Yeah yeah yeah. We all know that fast food is bad for us. It’s already been covered in books, films, television - in fact, even if you haven’t seen or heard anything, it’s blindingly obvious that a big greasy burger is not going to produce healthy results. You’d have to be a total moron not to know this - in fact, you’d deserve to get flabby arteries if you thought any different. So why do we need another film about it all? What is there left to say?
Well, it seems Richard Linklater (who brought us last year’s A Scanner Darkly - a CF top 10) foresaw the above paragraph when he teamed up with Eric Schlosser, the writer of factual novel ‘Fast Food Nation’. Using Eric’s book as a starting point, the guys created a fictional fast food chain (Mickey’s Burgers) and a ensemble of fictional characters. And they used them all to say a heck of a lot more than ‘burgers are bad’.
Not that they come down on the side of burgers. One third of the film follows Don (Greg Kinnear, Little Miss Sunshine), a marketing exec at Mickey’s sent to investigate why traces of cow shit have been found in their burgers. Yummy. This is the point where a non beef-eater such as myself would stick their thumbs to the sides of their heads and waggle their fingers at everyone else, tongue protruding in a ‘ner ner ner-ner ner’ gesture, while secretly thanking the film-makers for a) not focussing on chicken-based products, and b) not showing all the genetically produced fungus that goes into meat substitutes. But at least I haven’t been eating cow shit. Ner ner.
The film’s other narrative strands follow a group of illegal Mexican immigrants sent to work in a meat-packing factory (from which the shit cometh), and a bunch of teenagers who work in one of the chains. The plot strands offer neat little ethical thoughts - the meatpackers are illegal, but they’ve come from poverty and this is a better choice, and Mr Marketing man knows he’s allowing shit and chemicals into the burgers, but they’re not killing anyone, he doesn’t have the power to stop it, and his family have to eat too. So who’s in the wrong, precisely?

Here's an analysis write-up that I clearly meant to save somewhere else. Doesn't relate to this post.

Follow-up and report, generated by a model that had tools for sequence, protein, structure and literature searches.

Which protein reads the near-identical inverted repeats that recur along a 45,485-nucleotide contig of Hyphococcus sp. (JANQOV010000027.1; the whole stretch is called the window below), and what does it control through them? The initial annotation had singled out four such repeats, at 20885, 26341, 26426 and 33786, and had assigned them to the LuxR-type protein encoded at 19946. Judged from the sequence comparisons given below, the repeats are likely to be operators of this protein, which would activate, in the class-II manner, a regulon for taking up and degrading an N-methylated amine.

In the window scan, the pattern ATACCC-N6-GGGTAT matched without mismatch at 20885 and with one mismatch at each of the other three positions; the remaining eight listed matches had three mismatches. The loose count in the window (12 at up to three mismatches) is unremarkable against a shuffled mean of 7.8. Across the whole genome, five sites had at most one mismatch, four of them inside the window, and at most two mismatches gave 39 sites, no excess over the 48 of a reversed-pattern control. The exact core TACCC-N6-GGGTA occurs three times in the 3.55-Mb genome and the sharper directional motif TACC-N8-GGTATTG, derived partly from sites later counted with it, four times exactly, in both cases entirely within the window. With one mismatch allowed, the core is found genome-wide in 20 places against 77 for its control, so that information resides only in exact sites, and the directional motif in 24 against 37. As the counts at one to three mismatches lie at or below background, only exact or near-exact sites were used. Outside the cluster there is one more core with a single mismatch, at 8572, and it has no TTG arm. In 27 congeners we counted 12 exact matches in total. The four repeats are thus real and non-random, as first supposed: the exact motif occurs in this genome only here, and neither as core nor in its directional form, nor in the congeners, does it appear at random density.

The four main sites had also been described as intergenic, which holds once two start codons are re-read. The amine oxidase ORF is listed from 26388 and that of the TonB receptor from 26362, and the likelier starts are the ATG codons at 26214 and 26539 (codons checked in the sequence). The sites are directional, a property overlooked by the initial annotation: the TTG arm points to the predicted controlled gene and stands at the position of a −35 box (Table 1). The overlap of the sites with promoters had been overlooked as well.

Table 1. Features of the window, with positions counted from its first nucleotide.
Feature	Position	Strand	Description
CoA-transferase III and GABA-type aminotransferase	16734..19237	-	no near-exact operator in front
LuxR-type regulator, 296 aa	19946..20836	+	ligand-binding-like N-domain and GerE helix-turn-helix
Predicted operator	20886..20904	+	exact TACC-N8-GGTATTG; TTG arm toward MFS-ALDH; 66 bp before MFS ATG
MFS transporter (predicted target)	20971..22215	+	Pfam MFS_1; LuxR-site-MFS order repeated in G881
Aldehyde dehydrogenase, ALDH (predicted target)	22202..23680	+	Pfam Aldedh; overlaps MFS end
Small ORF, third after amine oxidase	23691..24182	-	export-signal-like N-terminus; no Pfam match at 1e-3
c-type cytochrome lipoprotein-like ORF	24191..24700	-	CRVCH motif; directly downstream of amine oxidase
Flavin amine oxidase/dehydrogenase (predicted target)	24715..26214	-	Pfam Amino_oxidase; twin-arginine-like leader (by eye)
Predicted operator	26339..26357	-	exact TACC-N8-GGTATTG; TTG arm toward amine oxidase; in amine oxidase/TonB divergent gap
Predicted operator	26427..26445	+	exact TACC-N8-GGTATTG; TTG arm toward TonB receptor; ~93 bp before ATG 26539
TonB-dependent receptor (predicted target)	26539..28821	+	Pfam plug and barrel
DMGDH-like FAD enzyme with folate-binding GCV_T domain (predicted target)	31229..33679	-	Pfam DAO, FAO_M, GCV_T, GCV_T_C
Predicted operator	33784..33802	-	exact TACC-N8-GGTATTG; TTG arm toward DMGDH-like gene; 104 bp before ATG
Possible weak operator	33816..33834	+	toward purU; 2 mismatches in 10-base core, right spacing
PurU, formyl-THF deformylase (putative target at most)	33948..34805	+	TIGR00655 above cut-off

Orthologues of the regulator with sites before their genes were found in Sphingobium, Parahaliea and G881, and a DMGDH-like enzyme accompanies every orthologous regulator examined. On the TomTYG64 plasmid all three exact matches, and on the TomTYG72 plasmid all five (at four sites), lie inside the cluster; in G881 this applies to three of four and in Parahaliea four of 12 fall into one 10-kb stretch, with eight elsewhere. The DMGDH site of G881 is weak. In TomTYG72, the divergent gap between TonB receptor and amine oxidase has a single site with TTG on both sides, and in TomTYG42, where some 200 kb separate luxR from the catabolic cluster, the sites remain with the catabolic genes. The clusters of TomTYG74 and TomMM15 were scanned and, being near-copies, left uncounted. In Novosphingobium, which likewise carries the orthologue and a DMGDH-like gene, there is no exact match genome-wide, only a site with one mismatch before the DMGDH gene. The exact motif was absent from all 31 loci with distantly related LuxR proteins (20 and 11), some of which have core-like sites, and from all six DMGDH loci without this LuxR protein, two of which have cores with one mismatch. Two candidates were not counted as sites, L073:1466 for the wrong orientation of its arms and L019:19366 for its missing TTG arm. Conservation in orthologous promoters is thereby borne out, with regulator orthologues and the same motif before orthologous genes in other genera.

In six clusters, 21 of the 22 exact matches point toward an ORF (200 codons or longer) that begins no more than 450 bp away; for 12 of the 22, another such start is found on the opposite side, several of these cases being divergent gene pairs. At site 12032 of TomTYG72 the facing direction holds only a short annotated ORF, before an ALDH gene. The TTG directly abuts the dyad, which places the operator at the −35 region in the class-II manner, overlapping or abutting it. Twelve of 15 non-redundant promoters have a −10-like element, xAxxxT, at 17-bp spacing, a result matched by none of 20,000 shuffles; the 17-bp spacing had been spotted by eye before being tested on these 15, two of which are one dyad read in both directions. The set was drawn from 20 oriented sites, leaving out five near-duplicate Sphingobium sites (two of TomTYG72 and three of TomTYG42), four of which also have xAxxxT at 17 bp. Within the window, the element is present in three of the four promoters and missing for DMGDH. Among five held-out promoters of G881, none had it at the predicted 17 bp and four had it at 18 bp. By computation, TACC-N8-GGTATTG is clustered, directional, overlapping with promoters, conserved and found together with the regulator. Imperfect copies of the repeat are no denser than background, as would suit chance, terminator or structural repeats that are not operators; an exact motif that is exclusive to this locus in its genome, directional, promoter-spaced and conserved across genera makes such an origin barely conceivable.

But the big mamma of points is summed up in one scene, when a group of activists break down a fence up at the burgers-to-be cattle ranch in order to save the animals. The fence is down, but the cows just don’t want to move - they’re either too dumb to realise, or too afraid to escape their surroundings. Linklater’s basically saying everyone is a big dumb cow, putting up with everything that’s crap in the world because they’re too lazy, or afraid, or stupid to really do anything about it, even when there’s sometimes a solution staring them in the face. Now, I don’t think there’s any issue in particular that he’s aiming at here - just general apathy. Lots of characters harp on about taking action, making a stand, making a difference etc etc. It’s all very inspiring, and I came out of the cinema both completely ready to make a stand against the first atrocity I saw, and also feeling slightly nauseous from the graphic slaughter house scenes at the end.
At times the tone tips a little too far into preachy, with some scenes a bit too blatant (characters occasionally chatter away, then appear to throw in “yes, here comes this opinion which is very poignant” [looks at audience to check they’re paying attention]) and the split narrative creates a strange, disjointed feel to the piece. But with a great cast, some great messages and a clever way of transferring the text to screen, Fast Food Nation scrapes in with a CF2. It’s a shame that the people who could really benefit from its message will be more likely staring blankly at the wall in their nearest shit-burger outlet, than paying attention to the cinema.